A new sugar that could prevent heart disease; an Alzheimer’s vaccine that cures the memory of mice; real Star Wars bacteria and robot aircraft that copy insects are just some of the interesting stories that emerged from Australian research published in the last week. Find over a dozen other stories below.
Constant gardeners of world’s reefs
Australian scientists have urged greater consideration for the brilliantly hued parrot fishes that tend and renew the world’s imperilled coral reefs. In a major new study published marine biologists have investigated parrot fish populations on 18 coral island reefs from Mauritius in the west Indian Ocean to Tahiti in the central Pacific. “Parrot fish fulfil a number of key roles on the reef. They remove sick and dead corals and clean areas for new corals to settle, they remove weedy growth, and they cart away literally tonnes of sand and sediment that would otherwise smother the corals.”
Prof David Bellwood, Dr Andrew Hoey and Prof Terry Hughes, ARC Centre of Excellence for Coral Reef Studies (CoECRS) and James Cook University
Proceedings of the Royal Society; http://www-public.jcu.edu.au/news/JCU_094633
Ageing stars are slow on the outside but fast on the inside
An international team of astronomers has made a new discovery about how old stars called ‘red giants’ rotate, giving an insight into what our Sun will look like in five billion years. The group, which includes Sydney researchers, has discovered the cores of red giants spin at least 10 times faster than their outer layers.
Prof Tim Bedding, Dr Dennis Stello, School of Physics, University of Sydney.
Alzheimer’s vaccine cures memory of mice
A vaccine that slows the progression of Alzheimer’s disease and other types of dementia has been developed by Sydney researchers. The vaccine, which targets a protein known as tau, prevents the ongoing formation of neurofibrillary tangles in the brain of a mouse with Alzheimer’s disease. This progressive neurodegenerative disease affects more than 35 million people worldwide. The tau protein is also involved in front temporal dementia, the second most common form of dementia in people younger than 65 years.
A/Prof Lars Ittner, Brain and Mind Research Institute, University of Sydney
Fossil find shows ancient super-predator had high-powered vision
A huge, shrimp-like marine creature that pursued its prey through the warm waters of the Earth’s Cambrian Period 515 million years ago had more acute vision than most of its diminutive modern-day relatives. An international team of palaeontologists discovered its fossilised eyes while excavating in the Emu Bay Shale on South Australia’s Kangaroo Island. “Anomalocaris is the stuff of nightmares and science fiction films It is considered to have been at the top of the earliest food chains because of its metre-long body, the formidable grasping claws at the front of its head, and its circular mouth with teeth-like serrations. And this new discovery confirms that it had superb vision to support its predatory lifestyle.”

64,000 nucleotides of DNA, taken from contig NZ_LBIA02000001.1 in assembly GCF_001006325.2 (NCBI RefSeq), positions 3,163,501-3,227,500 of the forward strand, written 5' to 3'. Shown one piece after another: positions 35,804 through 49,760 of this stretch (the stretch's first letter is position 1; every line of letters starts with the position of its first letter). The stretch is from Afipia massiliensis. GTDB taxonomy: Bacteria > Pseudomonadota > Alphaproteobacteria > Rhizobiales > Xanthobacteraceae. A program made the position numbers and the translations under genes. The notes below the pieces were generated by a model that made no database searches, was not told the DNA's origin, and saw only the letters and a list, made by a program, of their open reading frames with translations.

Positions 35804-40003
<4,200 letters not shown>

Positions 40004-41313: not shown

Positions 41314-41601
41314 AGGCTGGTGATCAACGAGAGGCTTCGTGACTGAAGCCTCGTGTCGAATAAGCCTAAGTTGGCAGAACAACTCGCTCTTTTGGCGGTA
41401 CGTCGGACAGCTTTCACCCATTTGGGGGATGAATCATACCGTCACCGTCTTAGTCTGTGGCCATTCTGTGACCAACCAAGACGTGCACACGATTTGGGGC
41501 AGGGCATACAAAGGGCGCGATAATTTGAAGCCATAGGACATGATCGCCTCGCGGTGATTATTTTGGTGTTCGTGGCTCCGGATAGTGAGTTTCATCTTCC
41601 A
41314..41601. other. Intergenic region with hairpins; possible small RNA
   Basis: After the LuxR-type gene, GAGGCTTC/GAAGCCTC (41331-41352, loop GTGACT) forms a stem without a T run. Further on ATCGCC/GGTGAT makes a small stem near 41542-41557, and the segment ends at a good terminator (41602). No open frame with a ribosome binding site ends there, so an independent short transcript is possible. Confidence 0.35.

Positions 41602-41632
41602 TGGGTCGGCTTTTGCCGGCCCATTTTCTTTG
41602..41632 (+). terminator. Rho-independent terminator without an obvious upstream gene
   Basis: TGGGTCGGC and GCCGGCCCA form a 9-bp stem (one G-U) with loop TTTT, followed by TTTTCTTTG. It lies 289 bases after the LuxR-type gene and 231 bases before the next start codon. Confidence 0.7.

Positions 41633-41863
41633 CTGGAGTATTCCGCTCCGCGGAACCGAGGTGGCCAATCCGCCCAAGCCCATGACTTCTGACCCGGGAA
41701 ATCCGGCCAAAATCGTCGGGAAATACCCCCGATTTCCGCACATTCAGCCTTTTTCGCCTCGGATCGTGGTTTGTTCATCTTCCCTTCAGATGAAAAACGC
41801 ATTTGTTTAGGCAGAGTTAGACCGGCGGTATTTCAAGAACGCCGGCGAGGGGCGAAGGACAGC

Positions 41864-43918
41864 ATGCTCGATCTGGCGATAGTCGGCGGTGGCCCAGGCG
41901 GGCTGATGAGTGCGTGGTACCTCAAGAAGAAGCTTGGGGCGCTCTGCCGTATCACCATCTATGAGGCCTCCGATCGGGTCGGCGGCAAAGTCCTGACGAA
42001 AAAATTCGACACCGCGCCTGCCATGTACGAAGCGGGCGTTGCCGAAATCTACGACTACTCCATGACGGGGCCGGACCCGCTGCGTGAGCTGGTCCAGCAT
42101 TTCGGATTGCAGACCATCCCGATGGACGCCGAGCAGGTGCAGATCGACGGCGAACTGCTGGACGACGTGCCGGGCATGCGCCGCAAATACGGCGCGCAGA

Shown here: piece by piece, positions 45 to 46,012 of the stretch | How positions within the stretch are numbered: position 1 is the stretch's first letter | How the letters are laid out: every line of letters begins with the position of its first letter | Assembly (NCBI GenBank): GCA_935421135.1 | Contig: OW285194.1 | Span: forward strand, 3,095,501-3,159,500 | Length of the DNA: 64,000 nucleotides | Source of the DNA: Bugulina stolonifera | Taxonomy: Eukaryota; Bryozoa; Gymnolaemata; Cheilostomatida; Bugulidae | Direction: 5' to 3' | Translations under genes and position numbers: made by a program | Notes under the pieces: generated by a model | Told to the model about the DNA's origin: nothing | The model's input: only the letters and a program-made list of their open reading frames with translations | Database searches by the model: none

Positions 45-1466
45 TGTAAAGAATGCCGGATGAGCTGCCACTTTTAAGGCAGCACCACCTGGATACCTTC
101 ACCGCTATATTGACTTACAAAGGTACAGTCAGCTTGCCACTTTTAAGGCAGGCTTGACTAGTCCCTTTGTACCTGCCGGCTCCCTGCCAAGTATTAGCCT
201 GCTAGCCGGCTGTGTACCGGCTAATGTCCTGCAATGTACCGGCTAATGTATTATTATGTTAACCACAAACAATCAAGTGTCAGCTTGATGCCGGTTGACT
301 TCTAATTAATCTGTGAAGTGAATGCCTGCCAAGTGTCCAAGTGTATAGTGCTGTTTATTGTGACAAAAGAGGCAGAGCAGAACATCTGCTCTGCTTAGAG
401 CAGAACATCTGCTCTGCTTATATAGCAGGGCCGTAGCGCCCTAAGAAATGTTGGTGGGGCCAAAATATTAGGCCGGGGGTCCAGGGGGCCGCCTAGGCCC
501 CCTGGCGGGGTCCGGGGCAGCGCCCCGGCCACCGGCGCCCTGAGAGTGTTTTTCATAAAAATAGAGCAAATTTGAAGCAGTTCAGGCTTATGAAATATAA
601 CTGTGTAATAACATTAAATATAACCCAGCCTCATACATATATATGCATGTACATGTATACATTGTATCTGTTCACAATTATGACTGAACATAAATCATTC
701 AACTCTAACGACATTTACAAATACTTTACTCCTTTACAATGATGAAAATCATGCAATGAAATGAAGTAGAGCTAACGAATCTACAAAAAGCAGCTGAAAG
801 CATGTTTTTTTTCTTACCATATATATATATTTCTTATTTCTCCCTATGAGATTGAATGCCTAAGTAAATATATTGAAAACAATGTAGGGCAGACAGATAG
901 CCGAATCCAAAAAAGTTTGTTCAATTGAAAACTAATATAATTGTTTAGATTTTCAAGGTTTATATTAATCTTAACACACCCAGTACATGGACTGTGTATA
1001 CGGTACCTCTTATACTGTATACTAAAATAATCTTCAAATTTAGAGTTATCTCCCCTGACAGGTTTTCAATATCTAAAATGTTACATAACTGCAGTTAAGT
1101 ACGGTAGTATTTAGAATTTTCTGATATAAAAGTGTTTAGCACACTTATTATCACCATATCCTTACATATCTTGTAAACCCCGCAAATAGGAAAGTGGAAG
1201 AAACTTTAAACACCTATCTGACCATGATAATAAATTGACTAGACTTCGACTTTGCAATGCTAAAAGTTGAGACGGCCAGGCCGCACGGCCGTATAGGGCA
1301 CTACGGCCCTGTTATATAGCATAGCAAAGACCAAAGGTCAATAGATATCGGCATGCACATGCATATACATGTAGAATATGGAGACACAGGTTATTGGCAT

Dr John Paterson, University of New England
A brighter future for infertility treatment
The treatment of male infertility could soon be boosted through intervention at a sub-DNA ‘epigenetic’ level, according to researchers in Canberra. The research team has uncovered a new mechanism of gene activation which will have important implications in understanding how cellular differentiation is achieved. The team made the breakthrough by looking at what’s happening in our bodies at the epigenetic level, which controls how our DNA is activated.
Prof David Tremethick, Dr Tanya Soboleva, Dr Maxim Nekrasov, John Curtin School of Medical Research, ANU
Nature Structural and Molecular Biology; http://news.anu.edu.au/?p=12861
Dolomite discovery ends 100-year treasure hunt
The century-old mystery of a missing mineral in coral reefs has been solved by a team from Canberra. The team uncovered a hidden stash of the mineral dolomite in coral reefs around the globe “We have discovered that dolomite is in fact present in large quantities in modern coral reefs, but from an unexpected source.” The team’s eureka moment came when they found large quantities of dolomite packed inside a ‘reef builder’ species of red algae, Hydrolithon onkodes.
Dr Bradley Opdyke, Ms Marinda Nash, Dr Uli Troitzsch, Research School of Earth Sciences, ANU
Robot aircraft teach themselves which way is up
Australian vision scientists today unveiled a novel way to help pilotless aircraft accurately determine their heading and orientation to the ground – by imitating how insects do it. The technology can improve the navigation, flight characteristics and safety for civil and military aircraft, as well as pilotless drones. “UAVs (unmanned aerial vehicles or pilotless aircraft) are used in crop dusting, bushfire monitoring, tracking algal blooms or crop growth and infrastructure inspection as well as defence roles. Some of these tasks require the aircraft to fly close to the ground and amongst obstacles, so it is crucial that the aircraft knows its heading direction and roll and pitch angles accurately.”
Mr Richard Moore, The Vision Centre and The Queensland Brain Institute, University of Queensland
When the heat’s on, fish can cope
Australian scientists have discovered that some tropical fish have a greater capacity to cope with rising sea temperatures than previously thought – by adjusting over several generations. The discovery sheds a ray of hope amid the rising concern over the future of coral reefs and their fish under the levels of global warming expected to occur by the end of the 21st century. Understanding the ability of species to acclimatise to rising temperatures over longer time periods is critical for predicting the biological consequences of global warming – yet it remains one of the least understood aspects of climate science. The scientists were seeking to discover how fish would cope with the elevated sea temperatures expected by 2050 and 2100.
Professor Philip Munday, Ms Jennifer Donelson, ARC Centre of Excellence for Coral Reef Studies, James Cook University
Nature Climate Change; http://www-public.jcu.edu.au/news/JCU_094504
Global Carbon Project annual emissions summary
Global carbon dioxide emissions increased by a record 5.9 per cent in 2010 following the dampening effect of the 2008-2009 Global Financial Crisis (GFC), according to scientists working with the Global Carbon Project (GCP). The GCP annual analysis reported that the impact of the GFC on emissions has been short-lived owing to strong emissions growth in emerging economies and a return to emissions growth in developed economies. Contributions to global emissions growth in 2010 were largest from China, USA, India, the Russian Federation, and the European Union, with a continuously growing global share from emerging economies. Coal burning was at the heart of the growth in fossil fuel and cement emissions accounting for 52% of the total growth.
Dr Pep Canadell, Dr Mike Raupach, CSIRO
Nature Climate Change; http://www.csiro.au/en/Portals/Media/Global-Carbon-Project.aspx